Veteran’s Day in Washington, D.C., brings with it dawn-to-dusk traditions honoring our troops.
Arlington National Cemetery fills with people visiting the graves of the fallen—many are children. Wreaths are laid before crowds filled with elderly veterans, recently shined medals pinned to their shirts—many push a comrade in a wheelchair. Thousands surround the Vietnam Veterans Memorial and the Vietnam Women’s Memorial to read the names on The Wall and to listen to the tributes—many military women, humbled by the recognition, fight back tears.
Another Washington, D.C. Veteran’s Day tradition is the start of the American Red Cross/Pitney Bowes Holiday Mail for Heroes campaign. This year, the program will collect more than a million holiday cards from U.S. citizens across the nation. The cards will be screened, sorted and respectfully delivered into the hands of wounded warriors, servicemembers, military families and veterans.
Pride swelled in the chests of those who attended the kick-off press conference, held in the famous Board of Governor’s Hall at American Red Cross National Headquarters. Senior officials from the Red Cross, Pitney Bowes, the United States Marine Corps, Walter Reed Army Medical Center and the United States Army highlighted how the support of average Americans can lift the spirits of men and women who serve our country.
Pride turned to inspiration when 15-year-old Mathew Oclander moved to the microphone. Mathew told the crowd of the comfort he drew from sorting cards for servicemembers last year, when his father, Lt. Colonel David Oclander, was stationed in Iraq. Proudly wearing his Boy Scout uniform, Mathew told of falling asleep after a day of sorting, imagining those cards he had touched being trucked to the airport, flown to Baghdad, trucked to military installations and finally handed, one by one, to servicemembers like his Dad who could not be at home for the Holidays.
Lt. Colonel Oclander, now home safely, stood beside his son. He said none of last year’s cards got to him, personally, but some of the cards did get to soldiers in his Brigade, and each was a wonderful gift. The Colonel observed that the emotional impact of the cards cannot be measured in any way. Each card sends a message that is the ultimate honor of military service—to know you are thought of in high regard by the citizens you are serving.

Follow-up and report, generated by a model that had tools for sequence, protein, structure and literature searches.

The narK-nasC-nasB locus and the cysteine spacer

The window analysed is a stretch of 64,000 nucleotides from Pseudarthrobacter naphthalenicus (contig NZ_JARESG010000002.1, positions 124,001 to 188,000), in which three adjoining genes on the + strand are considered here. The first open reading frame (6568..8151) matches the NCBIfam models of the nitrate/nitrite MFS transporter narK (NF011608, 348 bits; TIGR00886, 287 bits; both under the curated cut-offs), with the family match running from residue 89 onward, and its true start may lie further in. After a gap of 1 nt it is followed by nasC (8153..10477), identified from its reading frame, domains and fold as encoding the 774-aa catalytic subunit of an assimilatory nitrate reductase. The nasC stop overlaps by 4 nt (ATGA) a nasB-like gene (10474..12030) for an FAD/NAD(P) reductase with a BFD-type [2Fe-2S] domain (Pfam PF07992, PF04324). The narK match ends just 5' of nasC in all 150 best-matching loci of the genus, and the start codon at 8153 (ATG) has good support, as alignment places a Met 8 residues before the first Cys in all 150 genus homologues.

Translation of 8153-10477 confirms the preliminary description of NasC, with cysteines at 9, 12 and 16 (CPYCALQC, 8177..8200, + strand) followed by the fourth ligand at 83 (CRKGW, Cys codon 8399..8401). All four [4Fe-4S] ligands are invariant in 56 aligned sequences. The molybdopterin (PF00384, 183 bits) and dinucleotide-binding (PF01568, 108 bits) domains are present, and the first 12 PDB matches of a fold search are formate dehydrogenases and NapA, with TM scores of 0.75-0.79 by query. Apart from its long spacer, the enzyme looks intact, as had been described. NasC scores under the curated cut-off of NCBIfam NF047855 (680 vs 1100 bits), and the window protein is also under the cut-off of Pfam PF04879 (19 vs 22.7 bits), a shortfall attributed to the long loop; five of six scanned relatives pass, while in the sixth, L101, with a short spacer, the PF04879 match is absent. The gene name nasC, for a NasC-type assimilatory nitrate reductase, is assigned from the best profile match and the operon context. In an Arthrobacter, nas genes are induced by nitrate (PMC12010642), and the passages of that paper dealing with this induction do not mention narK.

Hundreds of visitors to the National Mall stopped by a Red Cross tent on Veteran’s Day to write words of encouragement and appreciation to “any soldier.” Messages were sent from a father whose son was stationed in Afghanistan, from an elementary school girl who had just visited Arlington National Cemetery, from a World War II veteran who wore his Army hat, from a teenager who said he was about to register for the draft, and from countless others, each wanting to say “thank you for serving.”
When you are sending your holiday cards this year, don’t forget to send an extra card for our Service Heroes. The address to which cards should be sent, card guidelines and a compelling video about the program are on the Holiday Mail for Heroes Web page.
About the American Red Cross:
The American Red Cross shelters, feeds and counsels victims of disasters; provides nearly half of the nation's blood supply; teaches lifesaving skills; and supports military members and their families. The Red Cross is a charitable organization – not a government agency – and depends on volunteers and the generosity of the American public to perform its humanitarian mission. For more information, please visit www.redcross.org or join our blog at www.redcrosschat.org.